Michael A. Arbib
This article mentions that a formal view of compositional semantics is helpful both for what it reveals about the structure of language and also for what it deletes, including context, the use of compositionality to index rather than define meaning, and the role of idioms. It also discusses how Construction Grammar (CG) allows one to incorporate idioms into a framework in which compositionality may sometimes use familiar sequences of words as atoms when the meanings of single words do not themselves contribute to the meaning of the whole. Schema Theory shows what is meant by embodied meaning, and the way it is embedded in social experience. Linguists working within CG, with its close relations to Cognitive Grammar, have teased out the rule-governed and productive linguistic behaviors specific to each family of constructions.
Kenny Smith and Simon Kirby
The productivity of language is subserved by two structural properties: language is recursive, which allows the creation of an infinite number of utterances, and language is compositional, which makes the interpretation of novel utterances possible. A potential explanation for the linkage between the functional properties of compositionality and the compositional structure of language is that this fit arose through cultural, rather than biological, evolution. In order to argue that the compositional structure of language is a product of cultural evolution, it is assumed that language is compositional, socially learned, and therefore culturally transmitted. A well-established solution to the problem of linkage in biological systems is that of evolution by natural selection: adaptation. Compositionality can be explained as a cultural adaptation by language to the problem of transmission through a learning bottleneck.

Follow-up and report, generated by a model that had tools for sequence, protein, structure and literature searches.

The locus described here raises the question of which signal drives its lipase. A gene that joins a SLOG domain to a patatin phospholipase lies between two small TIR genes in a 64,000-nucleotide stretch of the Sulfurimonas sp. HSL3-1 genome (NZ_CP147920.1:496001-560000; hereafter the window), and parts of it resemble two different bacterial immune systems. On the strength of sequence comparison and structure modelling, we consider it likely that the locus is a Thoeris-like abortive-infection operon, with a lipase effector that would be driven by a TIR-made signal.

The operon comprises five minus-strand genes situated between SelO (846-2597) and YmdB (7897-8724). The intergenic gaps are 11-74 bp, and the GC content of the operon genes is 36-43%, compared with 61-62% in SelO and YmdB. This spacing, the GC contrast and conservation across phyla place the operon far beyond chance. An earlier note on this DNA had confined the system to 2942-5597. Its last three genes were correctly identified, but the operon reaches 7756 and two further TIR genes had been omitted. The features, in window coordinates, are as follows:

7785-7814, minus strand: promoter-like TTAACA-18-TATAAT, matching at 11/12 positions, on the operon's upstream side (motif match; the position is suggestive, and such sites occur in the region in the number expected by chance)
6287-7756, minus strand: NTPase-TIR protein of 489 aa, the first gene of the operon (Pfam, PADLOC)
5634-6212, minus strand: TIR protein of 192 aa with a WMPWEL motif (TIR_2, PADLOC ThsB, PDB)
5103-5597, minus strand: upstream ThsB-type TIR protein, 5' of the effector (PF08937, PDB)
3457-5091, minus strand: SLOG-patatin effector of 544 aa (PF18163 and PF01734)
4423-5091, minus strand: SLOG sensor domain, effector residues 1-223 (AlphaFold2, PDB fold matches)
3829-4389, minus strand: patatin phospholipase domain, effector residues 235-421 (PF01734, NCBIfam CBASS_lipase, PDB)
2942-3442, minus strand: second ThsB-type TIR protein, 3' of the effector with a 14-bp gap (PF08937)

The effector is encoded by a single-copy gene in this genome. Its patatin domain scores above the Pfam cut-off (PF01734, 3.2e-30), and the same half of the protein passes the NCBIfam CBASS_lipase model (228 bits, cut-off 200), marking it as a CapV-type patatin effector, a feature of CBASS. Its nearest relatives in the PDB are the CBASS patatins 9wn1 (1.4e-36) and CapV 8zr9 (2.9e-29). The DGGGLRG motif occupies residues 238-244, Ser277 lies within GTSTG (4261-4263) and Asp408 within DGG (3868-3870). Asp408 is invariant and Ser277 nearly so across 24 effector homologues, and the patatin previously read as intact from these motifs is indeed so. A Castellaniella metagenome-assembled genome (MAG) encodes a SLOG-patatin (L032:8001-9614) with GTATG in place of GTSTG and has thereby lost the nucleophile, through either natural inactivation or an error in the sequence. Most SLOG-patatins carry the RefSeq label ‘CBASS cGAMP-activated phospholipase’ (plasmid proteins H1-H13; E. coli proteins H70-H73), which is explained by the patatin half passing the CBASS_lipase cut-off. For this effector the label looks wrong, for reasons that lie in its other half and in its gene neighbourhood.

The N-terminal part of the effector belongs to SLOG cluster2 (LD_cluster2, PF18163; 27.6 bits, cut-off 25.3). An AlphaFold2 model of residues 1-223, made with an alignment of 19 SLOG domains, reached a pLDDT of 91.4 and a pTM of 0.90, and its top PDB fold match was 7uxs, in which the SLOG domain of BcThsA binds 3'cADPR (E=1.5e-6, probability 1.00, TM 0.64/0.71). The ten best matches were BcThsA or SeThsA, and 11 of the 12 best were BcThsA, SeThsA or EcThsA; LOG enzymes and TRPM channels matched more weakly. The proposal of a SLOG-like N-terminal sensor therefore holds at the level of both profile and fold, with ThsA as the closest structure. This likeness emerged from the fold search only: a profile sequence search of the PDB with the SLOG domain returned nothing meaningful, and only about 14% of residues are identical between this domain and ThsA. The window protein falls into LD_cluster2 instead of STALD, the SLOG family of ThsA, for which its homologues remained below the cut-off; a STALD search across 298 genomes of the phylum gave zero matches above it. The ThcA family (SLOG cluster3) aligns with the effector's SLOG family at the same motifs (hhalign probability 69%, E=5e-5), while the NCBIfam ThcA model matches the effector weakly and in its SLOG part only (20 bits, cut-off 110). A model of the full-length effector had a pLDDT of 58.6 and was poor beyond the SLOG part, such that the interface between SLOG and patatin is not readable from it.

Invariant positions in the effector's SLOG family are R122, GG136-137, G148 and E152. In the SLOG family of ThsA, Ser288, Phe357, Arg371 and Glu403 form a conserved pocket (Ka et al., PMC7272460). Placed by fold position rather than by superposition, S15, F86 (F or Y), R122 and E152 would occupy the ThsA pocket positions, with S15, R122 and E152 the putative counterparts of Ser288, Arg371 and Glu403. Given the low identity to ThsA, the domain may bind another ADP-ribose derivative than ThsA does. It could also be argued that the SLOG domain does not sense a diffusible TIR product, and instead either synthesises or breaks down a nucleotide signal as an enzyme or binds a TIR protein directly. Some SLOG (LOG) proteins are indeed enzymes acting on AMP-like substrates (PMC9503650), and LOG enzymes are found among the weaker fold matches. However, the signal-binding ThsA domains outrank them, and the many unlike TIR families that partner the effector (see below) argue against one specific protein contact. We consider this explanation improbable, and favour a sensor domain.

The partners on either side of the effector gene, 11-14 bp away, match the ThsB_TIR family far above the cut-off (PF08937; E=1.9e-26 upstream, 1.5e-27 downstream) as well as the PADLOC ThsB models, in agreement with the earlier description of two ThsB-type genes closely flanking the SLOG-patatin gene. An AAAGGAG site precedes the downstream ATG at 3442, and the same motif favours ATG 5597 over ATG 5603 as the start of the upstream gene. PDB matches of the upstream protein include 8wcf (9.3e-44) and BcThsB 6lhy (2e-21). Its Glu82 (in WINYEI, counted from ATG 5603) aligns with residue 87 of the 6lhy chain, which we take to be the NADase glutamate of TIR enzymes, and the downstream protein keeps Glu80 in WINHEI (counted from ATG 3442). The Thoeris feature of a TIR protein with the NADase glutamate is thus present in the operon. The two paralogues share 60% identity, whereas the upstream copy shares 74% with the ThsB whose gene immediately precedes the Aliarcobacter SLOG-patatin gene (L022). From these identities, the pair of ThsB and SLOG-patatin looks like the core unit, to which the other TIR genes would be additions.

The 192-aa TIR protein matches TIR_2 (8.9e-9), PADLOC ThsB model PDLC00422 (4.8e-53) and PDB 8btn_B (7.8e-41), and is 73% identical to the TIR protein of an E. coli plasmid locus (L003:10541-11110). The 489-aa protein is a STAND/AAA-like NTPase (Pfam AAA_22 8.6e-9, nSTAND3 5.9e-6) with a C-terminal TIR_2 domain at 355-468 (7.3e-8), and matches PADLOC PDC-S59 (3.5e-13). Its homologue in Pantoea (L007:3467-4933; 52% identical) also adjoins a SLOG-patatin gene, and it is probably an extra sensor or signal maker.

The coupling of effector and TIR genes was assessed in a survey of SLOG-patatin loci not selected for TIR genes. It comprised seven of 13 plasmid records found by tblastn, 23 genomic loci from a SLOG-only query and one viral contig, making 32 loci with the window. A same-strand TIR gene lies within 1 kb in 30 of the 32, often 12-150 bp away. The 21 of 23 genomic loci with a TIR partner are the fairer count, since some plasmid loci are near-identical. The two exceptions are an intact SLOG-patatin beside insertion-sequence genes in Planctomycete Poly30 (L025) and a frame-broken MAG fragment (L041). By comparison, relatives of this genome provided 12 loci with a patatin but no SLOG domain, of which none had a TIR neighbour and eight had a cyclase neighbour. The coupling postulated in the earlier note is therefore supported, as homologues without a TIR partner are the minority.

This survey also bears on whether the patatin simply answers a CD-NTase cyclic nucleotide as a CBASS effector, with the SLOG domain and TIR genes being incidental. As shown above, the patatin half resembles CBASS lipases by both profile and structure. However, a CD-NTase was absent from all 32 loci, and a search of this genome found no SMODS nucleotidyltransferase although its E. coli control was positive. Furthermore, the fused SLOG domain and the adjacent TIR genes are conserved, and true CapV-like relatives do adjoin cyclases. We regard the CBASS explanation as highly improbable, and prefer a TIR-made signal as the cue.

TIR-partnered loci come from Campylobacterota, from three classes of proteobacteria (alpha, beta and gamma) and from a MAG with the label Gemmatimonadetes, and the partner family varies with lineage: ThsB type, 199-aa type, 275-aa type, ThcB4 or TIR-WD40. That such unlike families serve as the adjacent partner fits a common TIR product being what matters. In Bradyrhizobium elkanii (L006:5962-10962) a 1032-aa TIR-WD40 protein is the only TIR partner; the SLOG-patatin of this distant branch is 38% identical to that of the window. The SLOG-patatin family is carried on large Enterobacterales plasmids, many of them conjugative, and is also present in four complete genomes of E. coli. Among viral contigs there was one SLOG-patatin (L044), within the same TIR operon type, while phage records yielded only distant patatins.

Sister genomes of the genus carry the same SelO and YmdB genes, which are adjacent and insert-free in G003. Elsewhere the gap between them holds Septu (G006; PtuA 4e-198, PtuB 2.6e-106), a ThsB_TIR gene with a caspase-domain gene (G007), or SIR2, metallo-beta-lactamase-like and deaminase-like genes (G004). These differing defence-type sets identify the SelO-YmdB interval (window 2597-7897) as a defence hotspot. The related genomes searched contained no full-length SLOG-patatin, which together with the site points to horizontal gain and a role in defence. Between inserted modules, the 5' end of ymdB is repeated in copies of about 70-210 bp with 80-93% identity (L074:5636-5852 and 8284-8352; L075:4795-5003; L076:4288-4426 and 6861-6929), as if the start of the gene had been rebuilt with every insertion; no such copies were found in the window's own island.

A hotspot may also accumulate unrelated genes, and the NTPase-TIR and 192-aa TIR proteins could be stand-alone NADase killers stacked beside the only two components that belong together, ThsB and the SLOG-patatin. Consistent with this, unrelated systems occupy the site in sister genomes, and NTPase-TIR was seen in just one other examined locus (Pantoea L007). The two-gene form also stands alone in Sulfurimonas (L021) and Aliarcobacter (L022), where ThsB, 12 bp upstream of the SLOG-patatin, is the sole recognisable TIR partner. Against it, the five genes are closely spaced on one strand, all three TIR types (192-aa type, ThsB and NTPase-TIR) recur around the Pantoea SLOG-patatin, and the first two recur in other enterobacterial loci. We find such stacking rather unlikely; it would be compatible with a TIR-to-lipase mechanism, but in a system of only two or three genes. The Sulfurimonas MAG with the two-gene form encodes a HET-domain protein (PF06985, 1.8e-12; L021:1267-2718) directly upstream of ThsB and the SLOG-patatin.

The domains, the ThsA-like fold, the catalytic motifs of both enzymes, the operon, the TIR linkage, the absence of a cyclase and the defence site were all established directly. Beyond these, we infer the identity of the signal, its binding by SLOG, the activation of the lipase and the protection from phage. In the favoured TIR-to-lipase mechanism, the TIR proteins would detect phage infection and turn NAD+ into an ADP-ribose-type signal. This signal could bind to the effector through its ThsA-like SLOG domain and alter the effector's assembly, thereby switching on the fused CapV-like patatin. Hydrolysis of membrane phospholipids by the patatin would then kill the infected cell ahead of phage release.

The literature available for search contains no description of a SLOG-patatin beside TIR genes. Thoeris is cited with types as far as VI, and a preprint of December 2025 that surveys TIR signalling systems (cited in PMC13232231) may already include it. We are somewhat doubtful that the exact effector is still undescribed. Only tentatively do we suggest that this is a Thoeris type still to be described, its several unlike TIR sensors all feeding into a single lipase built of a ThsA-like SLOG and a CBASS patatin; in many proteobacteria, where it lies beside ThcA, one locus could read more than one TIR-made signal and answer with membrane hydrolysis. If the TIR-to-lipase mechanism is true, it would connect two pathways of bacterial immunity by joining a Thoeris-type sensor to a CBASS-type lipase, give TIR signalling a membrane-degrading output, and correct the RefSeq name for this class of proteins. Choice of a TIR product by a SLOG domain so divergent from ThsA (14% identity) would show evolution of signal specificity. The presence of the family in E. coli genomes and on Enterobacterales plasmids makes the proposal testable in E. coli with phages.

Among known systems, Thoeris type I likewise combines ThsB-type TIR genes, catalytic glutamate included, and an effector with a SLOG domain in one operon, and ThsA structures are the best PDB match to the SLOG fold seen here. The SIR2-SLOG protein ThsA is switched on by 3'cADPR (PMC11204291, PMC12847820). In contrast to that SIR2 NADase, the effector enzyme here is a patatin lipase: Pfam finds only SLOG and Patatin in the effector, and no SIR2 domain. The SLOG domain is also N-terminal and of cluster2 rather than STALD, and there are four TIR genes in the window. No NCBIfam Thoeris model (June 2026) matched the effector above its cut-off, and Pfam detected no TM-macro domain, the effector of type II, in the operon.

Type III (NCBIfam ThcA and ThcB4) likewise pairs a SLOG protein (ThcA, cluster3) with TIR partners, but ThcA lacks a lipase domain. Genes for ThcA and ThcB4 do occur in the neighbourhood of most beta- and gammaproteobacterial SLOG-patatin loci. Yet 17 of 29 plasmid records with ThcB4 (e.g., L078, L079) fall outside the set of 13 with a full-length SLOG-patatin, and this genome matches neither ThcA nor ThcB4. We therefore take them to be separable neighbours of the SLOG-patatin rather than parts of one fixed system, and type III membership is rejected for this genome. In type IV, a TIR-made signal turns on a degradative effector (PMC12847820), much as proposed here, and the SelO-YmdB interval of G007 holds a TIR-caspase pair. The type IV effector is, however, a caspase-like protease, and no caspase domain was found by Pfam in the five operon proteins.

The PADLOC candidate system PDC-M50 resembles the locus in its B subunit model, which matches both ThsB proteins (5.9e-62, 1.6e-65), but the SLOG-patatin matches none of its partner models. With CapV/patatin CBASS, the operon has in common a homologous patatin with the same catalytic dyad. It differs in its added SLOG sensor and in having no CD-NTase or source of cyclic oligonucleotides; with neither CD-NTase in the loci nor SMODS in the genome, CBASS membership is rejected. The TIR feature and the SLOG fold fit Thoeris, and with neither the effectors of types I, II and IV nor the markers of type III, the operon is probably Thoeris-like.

James R. Hurford
Researches in language evolution have presented some continuity between apes and humans. Researchers have shown that precursors to both sentence meaning (conceptual meaning) and speaker meaning (pragmatic meaning) are present in animals. They have also reported that something other than the ability to comprehend such meanings was necessary to launch language, perhaps shared intentions, and once language was launched it resulted in abilities to create new kinds of meanings. A phenomenon extensively researched in both developmental and comparative psychology is object permanence. There are two forms of the object permanence test, one harder than the other. The easier test, the visible object permanence test, involves simply moving an object, such as a treat, behind a screen, where it is invisible to the animal or child subject, restraining the subject briefly, and then seeing if the subject moves to retrieve the object from behind the screen. The harder test, the invisible object permanence test, involves placing the treat into a small container in view of the subject, then the container is hidden behind the screen, where it is emptied out unseen by the subject and the empty container is then shown to the subject, who passes the test if he/she searches behind the screen. The episodic memory is related to object permanence. This is a kind of memory for specific events that have happened to the individual subject.
The foregoing considerations support the conjecture that prototypes are semi-compositional in the sense that there exist unboundedly many combinations of nouns with non-exceptional adjectives, which satisfy the rule default-to-prototype (DP) and hence are compositional. Presumably there also exist unboundedly many combinations of nouns with exceptional adjectives, which violate DP and hence are non-compositional. An analysis of the connection between productivity (systematicity) and compositionality has been suggested by Robbins. He argues that, for the explanation of productivity, one need not assume that conceptual meanings (contents) always compose—it is enough that they compose in in(de)finitely many cases. Since semi-compositionality entails the existence of unboundedly many non-compositional cases, non-compositionality cannot be dealt away with a finite list of idiomatic exceptions, but is a genuine feature of prototype semantics in natural language.